If you have diabetes, you probably know the statistics -- at least a fourth of people with diabetes have foot problems. And diabetic foot ulcers, which usually happen on the bottom of the feet, lead to as much as 80 percent of the foot amputations in the United States. They are scary numbers, indeed.
Foot ulcers can begin because diabetic patients may have nerve damage in their legs and feet, making them unable to feel a small blister or wound when it first occurs. If they don't know about it, it can get larger and infected.
Here's EmpowHer's enclopedia information about diabetic foot ulcers, their symptoms, risk factors, and treatment:
A U.S. News & World Report article last year, however, talks about preventing diabetic foot ulcers. We meet 42-year-old Cornelius McGill, who only found his wound because his sock was soaked with blood (he feels no pain in his feet due to nerve damage). We follow his doctors as they attempt to save his life. While at one point they were preparing to amputate his leg, they ended up having to only amputate a toe. McGill felt very blessed indeed.
An excerpt from the article:
"Every 30 seconds, someone in the world is losing a limb to diabetes," says David Armstrong, a podiatric medicine specialist at Rosalind Franklin University of Medicine and Science in North Chicago and the surgeon who treated McGill. "I can't stress enough how sinister this disease is."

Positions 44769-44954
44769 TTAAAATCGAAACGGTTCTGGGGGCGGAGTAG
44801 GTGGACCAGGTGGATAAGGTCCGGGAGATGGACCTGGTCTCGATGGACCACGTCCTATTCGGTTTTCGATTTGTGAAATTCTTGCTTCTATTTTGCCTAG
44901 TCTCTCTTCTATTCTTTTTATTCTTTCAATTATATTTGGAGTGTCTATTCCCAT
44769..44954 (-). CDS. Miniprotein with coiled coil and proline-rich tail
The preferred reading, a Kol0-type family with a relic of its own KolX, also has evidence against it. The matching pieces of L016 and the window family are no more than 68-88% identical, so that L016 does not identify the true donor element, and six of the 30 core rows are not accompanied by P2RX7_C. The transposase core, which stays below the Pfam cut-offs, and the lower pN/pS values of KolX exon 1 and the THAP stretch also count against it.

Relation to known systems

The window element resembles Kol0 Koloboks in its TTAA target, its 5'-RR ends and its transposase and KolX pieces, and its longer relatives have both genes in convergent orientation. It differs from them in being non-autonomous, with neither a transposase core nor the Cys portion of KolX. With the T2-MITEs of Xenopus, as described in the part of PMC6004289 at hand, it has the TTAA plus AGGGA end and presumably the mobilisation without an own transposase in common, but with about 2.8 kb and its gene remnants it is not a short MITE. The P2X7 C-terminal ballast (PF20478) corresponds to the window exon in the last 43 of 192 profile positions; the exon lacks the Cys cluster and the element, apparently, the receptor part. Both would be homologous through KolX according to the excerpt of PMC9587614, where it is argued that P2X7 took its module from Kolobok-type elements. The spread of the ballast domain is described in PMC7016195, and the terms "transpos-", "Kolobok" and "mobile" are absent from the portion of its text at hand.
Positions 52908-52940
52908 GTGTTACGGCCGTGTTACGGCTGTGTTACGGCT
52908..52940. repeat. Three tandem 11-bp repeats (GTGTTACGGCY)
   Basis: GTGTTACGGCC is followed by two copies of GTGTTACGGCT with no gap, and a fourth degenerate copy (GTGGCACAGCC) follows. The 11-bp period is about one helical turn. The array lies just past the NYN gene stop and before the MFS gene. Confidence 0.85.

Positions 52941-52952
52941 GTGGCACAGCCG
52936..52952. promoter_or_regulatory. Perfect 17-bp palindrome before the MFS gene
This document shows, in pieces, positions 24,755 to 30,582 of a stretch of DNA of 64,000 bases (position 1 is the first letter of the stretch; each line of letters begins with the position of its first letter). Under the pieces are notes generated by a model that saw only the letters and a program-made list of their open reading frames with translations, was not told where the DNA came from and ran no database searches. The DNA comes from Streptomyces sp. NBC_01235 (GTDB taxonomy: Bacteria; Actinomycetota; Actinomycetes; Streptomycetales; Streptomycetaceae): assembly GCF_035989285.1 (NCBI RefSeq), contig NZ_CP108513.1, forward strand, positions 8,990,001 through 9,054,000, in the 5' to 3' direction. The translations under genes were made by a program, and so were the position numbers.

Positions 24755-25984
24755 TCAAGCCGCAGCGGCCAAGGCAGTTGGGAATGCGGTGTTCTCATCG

"But research indicates that most foot ulcers are preventable, and become deadly only when neglected, Armstrong says. Several studies, including one published in the American Journal of Medicine, have found that daily monitoring of skin temperature is an effective way to stave off ulceration in high-risk diabetics. Wounds heat up before skin breaks down, Armstrong explains. If patients detect an abnormality—a spot on one foot 4 degrees hotter than the corresponding spot on the other foot—conditions might be ripe for an ulcer. They may then decide to stay home rather than risk a day of walking, for example, or consult their doctor for more specific recommendations. In the latest trial led by Armstrong, patients using hand-held thermometers (specifically the $150 TempTouch) to track temperature differences between sites on their feet were three times less likely to develop ulcers than patients doing visual inspections alone.
"Another technique used off-label to prevent ulcers entails injecting small amounts of liquid silicone into the balls of the feet to replace eroding fatty tissue. Although the method still hasn't been cleared by the Food and Drug Administration for this purpose, it's used for treating retinal detachment. By reducing the risk that a pain-free diabetic will walk right through his or her skin, advocates say, the procedure lowers the likelihood that ulcers will form.
"It's criminal it's not approved," says Sol Balkin, 82, a retired podiatrist
and pioneer in using injectable liquid silicone to treat foot ailments. He estimates that in 40 years of practice he's administered more than 30,000 injections. Balkin and a U.S. company are currently working to gain approval to market this treatment in Europe.
You can read the entire article here:
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